If by "some of the response" you mean my contribution to the debate I would just say, there are 2 sides to every coin and I make no apologies for pointing out the other one.

While these pads will no doubt absorb oil that drips onto them perhaps Ron (who unlike others here has seen them) could say what effect they have in the event of a high-speed engine blowup? My own experience with that, and with oil pipes becoming dislodged, is that the windflow blows the oil backwards. It doesn't just drop conveniently into the bellypan. I forget the actual race but one of the Superbikes events a few weeks ago showed the effect of a blowup - a big oil cloud behind the bike and riders in the scenery.

As I've said before, I'm not opposed to catch trays on principle but I think some people in this debate are putting too much faith in them and their ability to stop oil spills.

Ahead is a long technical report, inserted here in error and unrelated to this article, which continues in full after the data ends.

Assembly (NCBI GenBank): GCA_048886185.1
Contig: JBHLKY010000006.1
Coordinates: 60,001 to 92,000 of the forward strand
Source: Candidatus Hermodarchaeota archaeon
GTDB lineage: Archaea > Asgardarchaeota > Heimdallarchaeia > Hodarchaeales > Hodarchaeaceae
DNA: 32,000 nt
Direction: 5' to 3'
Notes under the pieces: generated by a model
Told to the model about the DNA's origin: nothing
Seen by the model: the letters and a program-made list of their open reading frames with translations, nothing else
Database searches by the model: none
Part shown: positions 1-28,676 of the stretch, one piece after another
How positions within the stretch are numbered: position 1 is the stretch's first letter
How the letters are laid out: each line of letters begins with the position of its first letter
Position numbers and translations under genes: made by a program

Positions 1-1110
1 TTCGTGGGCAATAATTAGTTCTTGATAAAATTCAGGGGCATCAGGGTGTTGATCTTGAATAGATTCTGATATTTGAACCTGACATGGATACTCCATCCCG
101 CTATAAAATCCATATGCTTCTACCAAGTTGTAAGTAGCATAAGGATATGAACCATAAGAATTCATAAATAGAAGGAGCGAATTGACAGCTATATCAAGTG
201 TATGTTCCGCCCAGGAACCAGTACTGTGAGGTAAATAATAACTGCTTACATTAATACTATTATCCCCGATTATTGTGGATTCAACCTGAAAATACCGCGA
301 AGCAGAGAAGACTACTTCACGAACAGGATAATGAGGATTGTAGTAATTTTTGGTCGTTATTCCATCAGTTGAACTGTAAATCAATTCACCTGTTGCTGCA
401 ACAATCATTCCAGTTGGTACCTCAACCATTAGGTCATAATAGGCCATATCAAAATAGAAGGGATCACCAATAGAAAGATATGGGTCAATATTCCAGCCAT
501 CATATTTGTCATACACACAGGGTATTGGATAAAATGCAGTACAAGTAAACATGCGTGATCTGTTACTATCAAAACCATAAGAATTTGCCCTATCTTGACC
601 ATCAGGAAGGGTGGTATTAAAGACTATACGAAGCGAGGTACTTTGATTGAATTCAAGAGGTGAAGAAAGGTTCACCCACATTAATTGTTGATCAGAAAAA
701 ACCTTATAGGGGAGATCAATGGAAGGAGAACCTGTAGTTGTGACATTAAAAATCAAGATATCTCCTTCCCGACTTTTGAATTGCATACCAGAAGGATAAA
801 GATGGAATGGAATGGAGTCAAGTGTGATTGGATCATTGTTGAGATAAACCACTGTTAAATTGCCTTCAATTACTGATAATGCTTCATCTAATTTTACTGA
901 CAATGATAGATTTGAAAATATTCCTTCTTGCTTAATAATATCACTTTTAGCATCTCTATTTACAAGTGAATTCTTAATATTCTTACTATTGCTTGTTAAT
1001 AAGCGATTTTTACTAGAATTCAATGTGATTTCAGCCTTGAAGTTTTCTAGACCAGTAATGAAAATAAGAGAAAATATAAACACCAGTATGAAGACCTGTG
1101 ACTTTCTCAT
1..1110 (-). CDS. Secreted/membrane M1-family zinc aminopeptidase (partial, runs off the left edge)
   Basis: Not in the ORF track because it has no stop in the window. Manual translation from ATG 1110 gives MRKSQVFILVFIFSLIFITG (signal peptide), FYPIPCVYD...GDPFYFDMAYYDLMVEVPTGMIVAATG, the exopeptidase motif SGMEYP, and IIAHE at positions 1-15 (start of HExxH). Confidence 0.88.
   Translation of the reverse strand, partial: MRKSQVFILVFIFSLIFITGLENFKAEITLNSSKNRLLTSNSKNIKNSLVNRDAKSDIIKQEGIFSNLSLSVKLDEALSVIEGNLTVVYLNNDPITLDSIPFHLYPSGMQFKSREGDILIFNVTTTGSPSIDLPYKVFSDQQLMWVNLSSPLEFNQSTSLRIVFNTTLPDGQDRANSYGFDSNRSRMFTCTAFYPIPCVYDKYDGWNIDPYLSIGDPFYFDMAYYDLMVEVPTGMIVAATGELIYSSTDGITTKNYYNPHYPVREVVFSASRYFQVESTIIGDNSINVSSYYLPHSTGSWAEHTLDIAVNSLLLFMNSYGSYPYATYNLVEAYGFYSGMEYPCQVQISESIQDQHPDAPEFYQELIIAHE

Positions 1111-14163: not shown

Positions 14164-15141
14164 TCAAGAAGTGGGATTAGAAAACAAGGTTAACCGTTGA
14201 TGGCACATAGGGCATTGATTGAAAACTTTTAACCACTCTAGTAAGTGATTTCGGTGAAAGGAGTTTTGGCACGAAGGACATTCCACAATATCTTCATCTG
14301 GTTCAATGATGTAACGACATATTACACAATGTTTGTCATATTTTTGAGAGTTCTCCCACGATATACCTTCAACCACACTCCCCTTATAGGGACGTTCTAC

RE: dropping of oil - Will Loder - 09-09-2008

I'm not opposed to catch trays however I do question there relevance on bikes with dry sumps (a large number of the classic bikes), if there is an oil leak and the engine continues to run fine then most likley the oil is coming out as a fine mist at high pressure, something a catch tray will do little of nothing about.......... If there is a hole of a sufficient size to allow oil to run out then there isn't much in the engine to run out anyway and the rider would realise quickly that there is a SERIOUS problem.

As far as I am aware the oil containment rule was bought in the stop a wet sump bike (some of the classics) dumping several litres of oil onto the track following a "rod through the cases" type failure, as several litres suddenly dumped would be very difficult to clean up from the track. This oil containment system has done virtually nothing to stop oil getting on the track during general engine failures as demonstrated at virtually every BSB round wen at some point sessions are red flagged to clean up oil.

If it is concluded that a catch tray makes things safer then I will happily fit one, but the issue should be properly thought out and not just decided by a knee jerk reaction. For example removing the (new in 2005) double solid white lines that were a major contributing factor to my dad's crash on the mountain would have improved safety far more than the TT - course license imho........